The President’s Committee on Tenure, Promotion, Reappointment and Equal Employment Opportunity recently awarded tenure to four members of the faculty: Assistant Professor of Anthropology Brenda Jenike, Assistant Professor of Music Steven Spears and Assistant Professors of Art John Shimon and Julie Lindemann.
Tenure is essentially an academic’s earned right to hold a position indefinitely without possibility of termination without just cause. “The concept of tenure was developed to provide freedom of speech and thought,” said Provost and Dean of the Faculty David Burrows. “It is an essential part of a system of education based on the free exchange of ideas, critical thinking, careful analysis and support for knowledge and creative activity.”
“Tenure acknowledges the deep bonds we and other tenured professors have formed with students and the university,” said Shimon and Lindemann in a joint statement for The Lawrentian. “We feel a responsibility to our students past and present, and to Lawrence. It also reflects the university’s support of the creative research we have dedicated our lives to.”
In a process described by Burrows as “comprehensive and exhaustive,” qualified faculty members undergo a rigorous review procedure during their fifth and sixth years of teaching at Lawrence.
According to the Faculty Handbook, the process begins Winter Term of a faculty member’s fifth year, when the Provost and Dean of Faculty look for letters of intent to stand for tenure from eligible members. These candidates will then spend Spring Term preparing materials to present to the Committee on Tenure.
These materials include scholarly or artistic work, a statement of professional scholarly or artistic interests and plans and other materials that may be useful to outside reviewers. Aside from this, the committee procures statements from members of the Lawrence community that have been involved with the candidate, such as fellow professors and students.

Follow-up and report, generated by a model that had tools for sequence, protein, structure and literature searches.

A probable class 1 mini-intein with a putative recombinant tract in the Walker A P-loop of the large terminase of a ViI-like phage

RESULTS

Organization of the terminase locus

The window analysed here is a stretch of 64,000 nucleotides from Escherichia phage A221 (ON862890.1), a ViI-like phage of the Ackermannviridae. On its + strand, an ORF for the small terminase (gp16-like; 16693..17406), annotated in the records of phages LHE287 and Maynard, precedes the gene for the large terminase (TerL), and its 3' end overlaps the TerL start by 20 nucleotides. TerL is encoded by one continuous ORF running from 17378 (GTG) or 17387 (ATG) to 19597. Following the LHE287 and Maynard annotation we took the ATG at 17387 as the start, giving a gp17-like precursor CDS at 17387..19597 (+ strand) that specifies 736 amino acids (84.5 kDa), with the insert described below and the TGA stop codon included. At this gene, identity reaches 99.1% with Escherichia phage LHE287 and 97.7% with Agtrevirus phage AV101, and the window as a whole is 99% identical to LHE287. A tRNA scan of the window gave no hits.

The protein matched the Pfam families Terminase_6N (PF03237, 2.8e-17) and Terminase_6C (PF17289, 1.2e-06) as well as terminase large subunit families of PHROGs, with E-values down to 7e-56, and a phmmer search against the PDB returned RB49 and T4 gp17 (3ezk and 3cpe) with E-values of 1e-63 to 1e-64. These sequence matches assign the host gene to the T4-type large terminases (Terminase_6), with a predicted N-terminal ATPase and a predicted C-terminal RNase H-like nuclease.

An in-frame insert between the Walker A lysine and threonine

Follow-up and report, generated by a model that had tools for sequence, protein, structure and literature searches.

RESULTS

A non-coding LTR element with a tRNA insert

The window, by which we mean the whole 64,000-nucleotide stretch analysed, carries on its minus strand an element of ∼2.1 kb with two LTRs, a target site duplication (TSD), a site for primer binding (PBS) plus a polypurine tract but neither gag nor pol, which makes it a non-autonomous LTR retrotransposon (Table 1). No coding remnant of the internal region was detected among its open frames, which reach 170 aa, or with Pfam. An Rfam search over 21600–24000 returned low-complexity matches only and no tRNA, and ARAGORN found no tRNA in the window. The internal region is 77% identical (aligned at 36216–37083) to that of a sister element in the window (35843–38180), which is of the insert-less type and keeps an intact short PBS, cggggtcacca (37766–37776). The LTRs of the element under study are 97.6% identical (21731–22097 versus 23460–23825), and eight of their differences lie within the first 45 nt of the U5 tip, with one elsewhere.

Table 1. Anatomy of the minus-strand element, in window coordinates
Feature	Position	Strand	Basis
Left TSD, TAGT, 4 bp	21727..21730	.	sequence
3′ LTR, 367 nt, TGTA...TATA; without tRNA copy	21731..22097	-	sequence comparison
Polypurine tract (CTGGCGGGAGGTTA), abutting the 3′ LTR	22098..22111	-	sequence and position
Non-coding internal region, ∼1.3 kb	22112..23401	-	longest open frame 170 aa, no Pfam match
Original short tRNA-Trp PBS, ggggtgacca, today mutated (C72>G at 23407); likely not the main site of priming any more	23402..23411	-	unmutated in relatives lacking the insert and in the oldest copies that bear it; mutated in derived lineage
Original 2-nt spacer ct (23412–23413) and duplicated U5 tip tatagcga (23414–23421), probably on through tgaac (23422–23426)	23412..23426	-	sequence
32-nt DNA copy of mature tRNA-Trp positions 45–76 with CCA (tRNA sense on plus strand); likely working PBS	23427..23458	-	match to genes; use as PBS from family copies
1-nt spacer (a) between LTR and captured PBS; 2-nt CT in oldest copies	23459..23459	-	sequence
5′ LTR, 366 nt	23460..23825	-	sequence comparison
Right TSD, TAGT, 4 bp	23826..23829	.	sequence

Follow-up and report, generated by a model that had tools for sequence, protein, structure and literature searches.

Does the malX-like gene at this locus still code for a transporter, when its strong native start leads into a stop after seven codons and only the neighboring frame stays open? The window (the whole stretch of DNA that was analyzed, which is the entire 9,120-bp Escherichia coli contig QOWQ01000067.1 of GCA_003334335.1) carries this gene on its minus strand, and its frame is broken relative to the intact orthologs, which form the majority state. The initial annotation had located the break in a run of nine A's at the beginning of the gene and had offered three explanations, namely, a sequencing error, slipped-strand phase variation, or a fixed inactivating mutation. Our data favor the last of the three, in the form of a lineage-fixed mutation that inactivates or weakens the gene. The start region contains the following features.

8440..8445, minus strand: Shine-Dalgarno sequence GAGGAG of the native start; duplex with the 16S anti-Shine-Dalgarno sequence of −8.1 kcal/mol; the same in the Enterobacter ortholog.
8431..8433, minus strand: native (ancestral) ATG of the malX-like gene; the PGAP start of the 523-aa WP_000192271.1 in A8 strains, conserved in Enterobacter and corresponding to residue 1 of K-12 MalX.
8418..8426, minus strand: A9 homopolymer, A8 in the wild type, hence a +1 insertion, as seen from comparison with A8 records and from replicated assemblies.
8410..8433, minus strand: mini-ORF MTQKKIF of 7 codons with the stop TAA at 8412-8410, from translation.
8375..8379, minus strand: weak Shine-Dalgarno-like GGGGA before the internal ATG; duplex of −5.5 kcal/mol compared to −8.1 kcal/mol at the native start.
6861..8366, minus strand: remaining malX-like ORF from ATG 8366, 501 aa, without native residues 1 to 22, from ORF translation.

“The tenure evaluation process at Lawrence is taken very seriously by the faculty members who are asked to serve on the Tenure Committee, together with the provost, who attends all meetings as a non-voting member,” said committee member and Professor of Geology Marcia Bjørnerud. “Candidates are evaluated separately in the areas of teaching, scholarship or creative activity and service and must receive positive votes in each of these areas to be awarded tenure.”
The committee’s evaluation of a professor’s teaching ability is based on statements from the members of the faculty who have observed a candidate’s teaching — in cases such as team-taught courses, rehearsals, or seminars— or who have been involved with his/her students. The Committee also looks at the candidate’s self-evaluation regarding teaching ability and goals. Finally, the results from a student survey evaluating teaching ability are taken into account.
Scholarship or creative achievement is another major category in the tenure decision process, and it is also evaluated based on the opinions of faculty who have witnessed the candidate’s academic work or who have been involved directly in the work, as well as a self-evaluation. The committee also looks at a curriculum vitae, a comprehensive list of the candidate’s scholarly or creative achievements.
The final category for evaluation is service, which is based on a candidate’s commitment to different offices or departments of the university. Like the other two categories, the committee bases its evaluation on faculty recommendations and a self-evaluation, as well as the activities listed on the curriculum vitae that are related to service.
The Committee on Tenure, Promotion, Reappointment and Equal Employment Opportunity consists of five president-appointed, tenured faculty members, one each from the divisions of fine arts, humanities, social sciences and sciences and one member at large, as well as the Provost and Dean of the Faculty. The decisions for recommendation for tenure are presented to the President during Winter Term, who makes the final decision with the approval of the Board of Trustees.
“The process is thorough because the quality of the faculty is vitally important to the success of the University,” stated Burrows. “We want to make certain that our faculty meet the highest standards of excellence and can help our students achieve the qualities of liberally educated persons.”
Committee member and Associate Professor of Spanish Rosa Tapia commented, “I was particularly impressed by the thoroughness of the tenure review process, as well as the utmost seriousness and sensitivity with which the committee does its work. This is probably one of our most important service contributions to the university.”
“Going through the tenure process felt like a privilege and honor,” said Shimon and Lindemann. “Former students, faculty colleagues and professionals from our field gave us a serious critique — evaluating the quality of our work as teachers, artists and community members. Receiving our tenure evaluation report was like seeing our life flash before our eyes. The thoughtfulness of the feedback moved us to tears!”